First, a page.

Friday, October 26, 2007

Things I Didn’t Know about Prairie Dogs

Humans and prairie dogs are, quite simply, in competition for the same land. People want the land for growing crops, grazing cattle, and for new construction, and the prairie dogs get in the way of all of those things. You can read about the history of the relationship between prairie dogs and humans in Becoming a pest: Prairie dog ecology and the human economy in the Euroamerican West, by Susan Jones. Environmental History, Oct. 1999.
Prairie dog colonies used to stretch for miles. Prairie dogs are prairie restorationists, helping undo some of the damage caused by humans. They help conserve water by channeling rainwater back into the water table, and they help improve soil health. By 1960, the population had been reduced by perhaps 98% by disease, poisoning, shooting, and habitat destruction. I see this destruction every day, right down the street from my house, where new houses are being constructed right in the middle of prairie dog towns. I suppose from the contractor’s point of view the prairie dogs are tearing up the next house lot he plans to build on.

The Prairie Dog Coalition is “dedicated to the protection of imperiled prairie dogs and restoration of their ecosystem [by providing] information and advocacy training, [facilitating] communication and planning, and [promotion of] conservation projects.” They explain that prairie dogs are “keystone species,” supporting an entire ecosystem:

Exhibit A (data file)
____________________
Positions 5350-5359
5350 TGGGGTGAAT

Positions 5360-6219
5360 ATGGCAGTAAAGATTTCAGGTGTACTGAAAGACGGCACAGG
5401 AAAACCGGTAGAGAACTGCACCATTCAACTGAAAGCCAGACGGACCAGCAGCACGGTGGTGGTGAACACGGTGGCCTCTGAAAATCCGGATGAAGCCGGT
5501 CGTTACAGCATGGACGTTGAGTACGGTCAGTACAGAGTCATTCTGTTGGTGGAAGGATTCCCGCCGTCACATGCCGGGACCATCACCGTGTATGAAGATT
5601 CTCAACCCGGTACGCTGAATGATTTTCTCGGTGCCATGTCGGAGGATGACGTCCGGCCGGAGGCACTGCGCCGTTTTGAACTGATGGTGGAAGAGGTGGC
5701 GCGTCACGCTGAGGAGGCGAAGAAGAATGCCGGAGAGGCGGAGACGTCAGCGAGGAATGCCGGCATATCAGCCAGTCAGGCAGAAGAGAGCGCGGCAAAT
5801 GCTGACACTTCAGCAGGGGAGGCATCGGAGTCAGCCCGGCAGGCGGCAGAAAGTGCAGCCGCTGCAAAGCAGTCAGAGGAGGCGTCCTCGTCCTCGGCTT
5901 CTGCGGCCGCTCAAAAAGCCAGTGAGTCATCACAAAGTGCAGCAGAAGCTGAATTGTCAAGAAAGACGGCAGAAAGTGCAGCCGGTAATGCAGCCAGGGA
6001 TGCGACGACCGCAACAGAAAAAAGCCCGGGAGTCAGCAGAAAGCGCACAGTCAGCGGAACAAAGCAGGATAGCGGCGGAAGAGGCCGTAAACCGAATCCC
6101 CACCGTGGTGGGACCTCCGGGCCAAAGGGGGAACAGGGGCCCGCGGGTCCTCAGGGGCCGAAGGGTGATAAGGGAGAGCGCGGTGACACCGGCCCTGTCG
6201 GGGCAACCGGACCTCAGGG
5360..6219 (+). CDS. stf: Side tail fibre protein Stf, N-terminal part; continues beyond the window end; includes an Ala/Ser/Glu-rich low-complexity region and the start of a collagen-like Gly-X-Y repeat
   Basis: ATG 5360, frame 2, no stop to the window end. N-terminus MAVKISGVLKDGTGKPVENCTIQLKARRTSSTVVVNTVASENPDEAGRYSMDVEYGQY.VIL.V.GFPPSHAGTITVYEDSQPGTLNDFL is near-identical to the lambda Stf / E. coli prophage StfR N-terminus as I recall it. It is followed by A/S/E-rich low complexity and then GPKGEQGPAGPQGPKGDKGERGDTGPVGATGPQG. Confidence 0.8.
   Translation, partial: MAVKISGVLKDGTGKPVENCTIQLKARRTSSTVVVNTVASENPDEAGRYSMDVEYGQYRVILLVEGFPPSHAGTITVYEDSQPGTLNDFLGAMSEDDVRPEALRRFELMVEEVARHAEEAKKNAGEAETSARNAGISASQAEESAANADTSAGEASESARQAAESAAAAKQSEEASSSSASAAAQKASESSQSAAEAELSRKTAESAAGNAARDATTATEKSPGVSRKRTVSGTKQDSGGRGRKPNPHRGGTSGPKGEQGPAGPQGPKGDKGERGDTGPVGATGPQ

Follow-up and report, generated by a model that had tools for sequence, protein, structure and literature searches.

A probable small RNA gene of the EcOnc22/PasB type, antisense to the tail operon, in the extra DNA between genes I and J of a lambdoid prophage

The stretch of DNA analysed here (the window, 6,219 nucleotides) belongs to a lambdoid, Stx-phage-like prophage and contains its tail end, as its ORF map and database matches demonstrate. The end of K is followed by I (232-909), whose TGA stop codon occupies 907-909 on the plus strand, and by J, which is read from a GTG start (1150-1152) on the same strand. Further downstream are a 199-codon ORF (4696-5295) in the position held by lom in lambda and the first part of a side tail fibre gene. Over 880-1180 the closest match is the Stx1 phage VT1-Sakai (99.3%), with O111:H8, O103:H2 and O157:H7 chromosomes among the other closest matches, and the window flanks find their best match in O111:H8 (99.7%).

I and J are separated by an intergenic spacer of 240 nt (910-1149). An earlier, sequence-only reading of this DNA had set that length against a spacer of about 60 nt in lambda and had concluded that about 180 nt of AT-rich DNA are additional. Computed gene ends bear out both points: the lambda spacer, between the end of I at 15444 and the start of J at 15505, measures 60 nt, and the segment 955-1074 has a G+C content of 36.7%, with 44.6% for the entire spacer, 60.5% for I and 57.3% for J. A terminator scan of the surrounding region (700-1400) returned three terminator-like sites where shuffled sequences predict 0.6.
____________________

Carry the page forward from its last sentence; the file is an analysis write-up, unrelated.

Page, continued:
Nine species can be considered to be dependent on prairie dogs and their colonies; burrowing owl, black-footed ferret, mountain plover, ferruginous hawk, golden eagle, swift fox, horned lark, deer mouse and grasshopper mouse. Twenty more species benefit from opportunistic use of prairie dog colonies. Species that benefit from prairie dogs and the habitat they create include desert cottontails, lizards, prairie rattlesnakes, badgers, bald eagles, coyotes, vultures, prairie falcons, bison, pronghorn, mule deer, mourning doves, killdeer, barn swallows, red-tailed hawks, and harriers.

The Prairie Dog Coalition web site is loaded with information, resources (including the Prairie Dog Ecosystem Science Library , slide shows, etc.

For another web site with photos and general information:

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